India among WTO's 5 member nations to produce 75% of world's Covid vaccines
India is popularly known as the world’s largest manufacturer of Covid-19 vaccines.
India is among the five member states of the World Trade Organisation (WTO) that will account for three-quarters of the entire global output of COVID-19 vaccines this year, said Director-General Ngozi Okonjo-Iweala on Wednesday.
"Production remains highly centralised - about 75 per cent of this year's vaccines appear set to come from five WTO members - China, India, Germany, the United States, and France," the WTO Director-General said at a high-level dialogue on "Expanding COVID-19 vaccine manufacture to promote equitable access." He was quoted as saying by a news agency.
India is popularly known as the world’s largest manufacturer of Covid-19 vaccines. The country has helped its foreign friendly nations with vaccine supply at the time of need.
The country has also set an aim to manufacture over 2 billion doses of vaccines in house by December. Prime Minister Narendra Modi has said that India’s entire adult population will be vaccinated by the end of this year.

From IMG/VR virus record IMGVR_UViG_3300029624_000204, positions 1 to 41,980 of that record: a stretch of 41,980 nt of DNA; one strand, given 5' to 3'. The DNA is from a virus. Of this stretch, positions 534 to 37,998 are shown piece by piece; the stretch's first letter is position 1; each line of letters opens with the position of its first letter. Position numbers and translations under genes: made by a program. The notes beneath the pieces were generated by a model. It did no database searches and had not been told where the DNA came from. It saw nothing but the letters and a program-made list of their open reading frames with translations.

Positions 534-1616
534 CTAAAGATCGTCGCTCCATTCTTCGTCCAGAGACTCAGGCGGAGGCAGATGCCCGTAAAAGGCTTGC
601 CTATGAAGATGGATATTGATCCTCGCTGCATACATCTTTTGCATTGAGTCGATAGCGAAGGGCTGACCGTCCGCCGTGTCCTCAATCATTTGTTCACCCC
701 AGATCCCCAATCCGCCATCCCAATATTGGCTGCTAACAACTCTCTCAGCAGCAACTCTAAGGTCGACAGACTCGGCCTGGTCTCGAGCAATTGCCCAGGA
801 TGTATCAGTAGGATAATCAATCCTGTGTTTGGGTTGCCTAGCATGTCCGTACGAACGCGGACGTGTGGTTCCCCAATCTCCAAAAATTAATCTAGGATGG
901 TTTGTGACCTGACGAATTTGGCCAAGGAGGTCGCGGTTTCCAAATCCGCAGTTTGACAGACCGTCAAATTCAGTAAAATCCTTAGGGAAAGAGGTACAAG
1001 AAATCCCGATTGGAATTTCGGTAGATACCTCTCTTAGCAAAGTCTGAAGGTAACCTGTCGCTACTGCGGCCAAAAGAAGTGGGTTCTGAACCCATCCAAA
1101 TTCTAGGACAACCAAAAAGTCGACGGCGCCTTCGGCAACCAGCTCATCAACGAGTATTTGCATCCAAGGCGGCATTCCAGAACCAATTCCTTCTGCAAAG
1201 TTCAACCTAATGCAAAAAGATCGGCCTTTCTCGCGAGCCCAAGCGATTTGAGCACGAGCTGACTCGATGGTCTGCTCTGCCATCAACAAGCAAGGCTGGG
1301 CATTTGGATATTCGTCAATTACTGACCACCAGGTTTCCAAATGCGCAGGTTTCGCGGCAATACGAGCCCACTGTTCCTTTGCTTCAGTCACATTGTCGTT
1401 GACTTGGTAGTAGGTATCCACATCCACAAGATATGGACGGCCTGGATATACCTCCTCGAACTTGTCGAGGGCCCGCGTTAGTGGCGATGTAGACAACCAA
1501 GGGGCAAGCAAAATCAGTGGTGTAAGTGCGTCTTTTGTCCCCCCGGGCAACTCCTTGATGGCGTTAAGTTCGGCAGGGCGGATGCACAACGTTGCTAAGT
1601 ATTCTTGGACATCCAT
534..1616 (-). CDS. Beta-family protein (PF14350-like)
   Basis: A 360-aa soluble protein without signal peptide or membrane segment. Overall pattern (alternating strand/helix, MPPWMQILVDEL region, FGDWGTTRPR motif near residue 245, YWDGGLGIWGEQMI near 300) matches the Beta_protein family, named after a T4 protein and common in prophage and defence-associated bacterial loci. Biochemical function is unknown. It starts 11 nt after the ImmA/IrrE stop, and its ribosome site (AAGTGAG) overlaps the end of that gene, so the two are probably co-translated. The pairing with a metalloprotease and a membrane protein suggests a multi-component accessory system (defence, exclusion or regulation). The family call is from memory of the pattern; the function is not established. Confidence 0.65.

Meanwhile, Okonjo-Iweala said discriminatory access to vaccines is a root cause of the unequal recovery of the global economy, in which developed economies are rebounding quickly while the rest are lagging behind.
The lack of full transparency in vaccine supply deals is another reason for concern, she said as the world administered 1.1 billion COVID vaccine doses in June.
"Of those 1.1 billion doses in June, only 1.4 per cent went to Africans, who account for 17 per cent of the global population. Only 0.24 per cent went to people in low-income countries. And both shares declined even further in the first half of July," she said.
"In developed countries, 94 doses have been administered for every 100 residents. In Africa, the figure is 4.5 per cent. In low-income countries, it's 1.6 per cent. In Africa, only 20 million people, or 1.5 percent of the population, are fully vaccinated, compared to 42 per cent of people in developed countries. We cannot accept this, for moral, practical, and economic reasons.”